c)    By the performance of certain acts, like Hajj, according to some scholars.

Fate of a Person Who Dies Committing Major Sins

A person who dies from an unrepented major sin is at Allah’s discretion in the Hereafter.  If Allah wants, He may punish him first according to his sins and then enter him into Paradise.  Allah may also simply forgive him and enter him into Paradise directly without any punishment.[5]

Examples of Major Sins

Some of the major sins of the heart are pride, hypocrisy, to despair of God’s mercy and feel secure from the divine plan, greed, and envy.
Some of the major sins of the tongue are lying, making false promises, speaking without knowledge, slandering chaste women, boasting, and ridiculing others.
Other major sins include racism (reviling other people’s race), bribery, disobeying parents, breaking ties with relatives, harming the neighbor, mistreating animals, taking drugs and alcoholic beverages, fornication, and stealing.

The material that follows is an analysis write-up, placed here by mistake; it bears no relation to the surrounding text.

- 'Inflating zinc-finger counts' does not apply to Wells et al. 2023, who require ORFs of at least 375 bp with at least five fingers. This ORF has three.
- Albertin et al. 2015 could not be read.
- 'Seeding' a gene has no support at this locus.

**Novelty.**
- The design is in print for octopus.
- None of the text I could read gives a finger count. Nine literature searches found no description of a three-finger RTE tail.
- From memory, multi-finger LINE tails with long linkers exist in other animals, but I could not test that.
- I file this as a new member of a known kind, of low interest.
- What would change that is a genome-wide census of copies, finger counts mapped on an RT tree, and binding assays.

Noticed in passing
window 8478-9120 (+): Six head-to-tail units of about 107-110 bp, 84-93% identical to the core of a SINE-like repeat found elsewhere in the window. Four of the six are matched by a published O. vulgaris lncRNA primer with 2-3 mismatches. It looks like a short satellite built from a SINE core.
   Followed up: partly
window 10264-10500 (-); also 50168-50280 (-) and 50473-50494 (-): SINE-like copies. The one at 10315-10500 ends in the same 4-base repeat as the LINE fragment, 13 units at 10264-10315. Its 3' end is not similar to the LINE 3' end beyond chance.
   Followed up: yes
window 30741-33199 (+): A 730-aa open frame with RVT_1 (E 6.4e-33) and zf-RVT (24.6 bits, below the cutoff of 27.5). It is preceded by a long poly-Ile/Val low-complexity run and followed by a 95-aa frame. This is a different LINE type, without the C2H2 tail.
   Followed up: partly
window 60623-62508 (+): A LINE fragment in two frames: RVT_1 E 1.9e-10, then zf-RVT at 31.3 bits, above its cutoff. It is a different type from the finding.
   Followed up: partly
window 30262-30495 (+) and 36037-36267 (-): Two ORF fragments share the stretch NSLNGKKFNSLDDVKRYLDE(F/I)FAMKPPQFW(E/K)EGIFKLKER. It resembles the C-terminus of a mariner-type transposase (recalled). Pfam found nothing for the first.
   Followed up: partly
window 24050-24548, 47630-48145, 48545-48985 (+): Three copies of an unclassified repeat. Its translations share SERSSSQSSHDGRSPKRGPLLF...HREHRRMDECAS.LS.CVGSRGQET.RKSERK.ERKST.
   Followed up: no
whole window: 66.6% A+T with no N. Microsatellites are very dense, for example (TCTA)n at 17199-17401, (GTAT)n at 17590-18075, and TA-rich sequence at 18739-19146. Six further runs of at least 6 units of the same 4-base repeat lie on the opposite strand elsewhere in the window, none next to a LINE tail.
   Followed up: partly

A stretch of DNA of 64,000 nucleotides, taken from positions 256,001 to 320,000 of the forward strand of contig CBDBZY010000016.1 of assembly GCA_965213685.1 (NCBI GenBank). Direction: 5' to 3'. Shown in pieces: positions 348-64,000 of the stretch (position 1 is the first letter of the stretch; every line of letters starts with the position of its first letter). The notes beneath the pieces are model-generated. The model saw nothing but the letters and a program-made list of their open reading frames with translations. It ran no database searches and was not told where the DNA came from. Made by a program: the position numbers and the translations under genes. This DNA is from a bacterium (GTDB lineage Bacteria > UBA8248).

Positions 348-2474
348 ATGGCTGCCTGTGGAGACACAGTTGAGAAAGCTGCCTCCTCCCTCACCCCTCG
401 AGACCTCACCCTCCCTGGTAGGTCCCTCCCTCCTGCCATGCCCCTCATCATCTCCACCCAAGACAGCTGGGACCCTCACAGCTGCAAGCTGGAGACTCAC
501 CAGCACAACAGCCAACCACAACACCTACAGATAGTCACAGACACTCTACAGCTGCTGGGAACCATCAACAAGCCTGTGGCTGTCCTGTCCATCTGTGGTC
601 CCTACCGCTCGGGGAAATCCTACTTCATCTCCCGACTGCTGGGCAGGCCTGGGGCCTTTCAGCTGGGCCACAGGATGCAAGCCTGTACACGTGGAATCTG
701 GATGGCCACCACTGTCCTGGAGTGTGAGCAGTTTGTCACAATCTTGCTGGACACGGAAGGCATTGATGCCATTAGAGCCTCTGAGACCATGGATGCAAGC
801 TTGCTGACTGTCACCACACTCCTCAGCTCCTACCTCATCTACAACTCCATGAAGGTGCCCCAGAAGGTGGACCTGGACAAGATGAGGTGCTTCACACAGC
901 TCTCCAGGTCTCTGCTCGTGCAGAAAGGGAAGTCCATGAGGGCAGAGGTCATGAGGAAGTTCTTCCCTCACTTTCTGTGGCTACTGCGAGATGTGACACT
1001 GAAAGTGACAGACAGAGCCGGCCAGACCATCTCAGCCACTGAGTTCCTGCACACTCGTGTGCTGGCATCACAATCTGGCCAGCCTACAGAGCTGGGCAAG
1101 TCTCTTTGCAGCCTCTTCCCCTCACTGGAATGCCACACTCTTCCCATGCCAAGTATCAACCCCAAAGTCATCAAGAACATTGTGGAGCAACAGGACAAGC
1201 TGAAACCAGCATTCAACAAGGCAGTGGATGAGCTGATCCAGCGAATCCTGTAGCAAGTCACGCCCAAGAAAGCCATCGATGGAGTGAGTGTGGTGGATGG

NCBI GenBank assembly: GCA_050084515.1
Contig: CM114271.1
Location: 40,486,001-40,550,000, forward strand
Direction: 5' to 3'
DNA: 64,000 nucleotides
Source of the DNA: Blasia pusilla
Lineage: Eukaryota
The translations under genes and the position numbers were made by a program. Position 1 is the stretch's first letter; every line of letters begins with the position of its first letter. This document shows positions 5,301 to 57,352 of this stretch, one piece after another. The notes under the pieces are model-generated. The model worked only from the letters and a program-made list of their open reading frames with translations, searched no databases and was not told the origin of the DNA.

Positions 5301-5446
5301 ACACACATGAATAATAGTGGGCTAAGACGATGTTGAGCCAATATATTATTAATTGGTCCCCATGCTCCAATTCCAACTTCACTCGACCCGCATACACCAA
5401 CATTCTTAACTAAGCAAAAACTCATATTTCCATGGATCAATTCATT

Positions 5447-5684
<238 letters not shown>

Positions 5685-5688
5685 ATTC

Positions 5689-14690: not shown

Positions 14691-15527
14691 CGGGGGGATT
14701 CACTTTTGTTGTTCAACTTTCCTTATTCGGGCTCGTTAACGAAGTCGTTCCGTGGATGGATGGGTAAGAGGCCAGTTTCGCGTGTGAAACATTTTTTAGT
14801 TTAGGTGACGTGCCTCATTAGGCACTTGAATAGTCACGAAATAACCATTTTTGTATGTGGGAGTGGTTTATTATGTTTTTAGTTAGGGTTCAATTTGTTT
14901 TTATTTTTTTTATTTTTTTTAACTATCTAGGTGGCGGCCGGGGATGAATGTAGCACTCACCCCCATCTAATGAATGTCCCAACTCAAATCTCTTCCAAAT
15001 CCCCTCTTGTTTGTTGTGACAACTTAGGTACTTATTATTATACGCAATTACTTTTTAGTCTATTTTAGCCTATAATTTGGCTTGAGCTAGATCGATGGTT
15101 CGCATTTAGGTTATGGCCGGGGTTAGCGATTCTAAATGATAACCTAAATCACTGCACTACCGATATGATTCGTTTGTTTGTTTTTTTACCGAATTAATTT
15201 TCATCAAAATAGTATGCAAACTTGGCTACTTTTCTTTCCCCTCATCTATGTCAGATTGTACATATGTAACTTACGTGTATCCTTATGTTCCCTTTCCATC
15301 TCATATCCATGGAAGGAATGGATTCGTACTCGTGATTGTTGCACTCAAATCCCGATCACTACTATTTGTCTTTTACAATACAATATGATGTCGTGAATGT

Relation Between Minor & Major Sins & Number of Major Sins

How many major sins are there?  They range from four to seven hundred.  A work on major sins by a famous scholar, Imam Adh-Dhahabi, lists 70.  Imam Haytami, another scholar, describes around 476 major sins.  The famous companion of Prophet Muhammad, Ibn Abbas, may Allah be pleased with him, said that major sins are “closer to 700 than they are to seven, except that no sin is ‘major’ when forgiveness is sought for it (that is when one undertakes proper repentance (tawbah)), just as no sin is ‘minor’ if one persists in it.”[6]
Minor sins can become major by:
·       Persistence and repetition.
·       Belittling the sin.
·       Celebrating the sin and taking pride in it.
·       Announcing the sin and telling it to others.

[1] Al-Kabair by al-Dhahabi tahqiq Muhi ud Din Mistu, p.  36
[2] Saheeh Muslim
[3] Saheeh Muslim
[4] Saheeh Al-Bukhari
[5] Shar Aqeeda al-Wasitiyya, Khalil a-Harras, p.  190-192
[6] Mukhtasar Minhaj ul-Qasideen, p.  257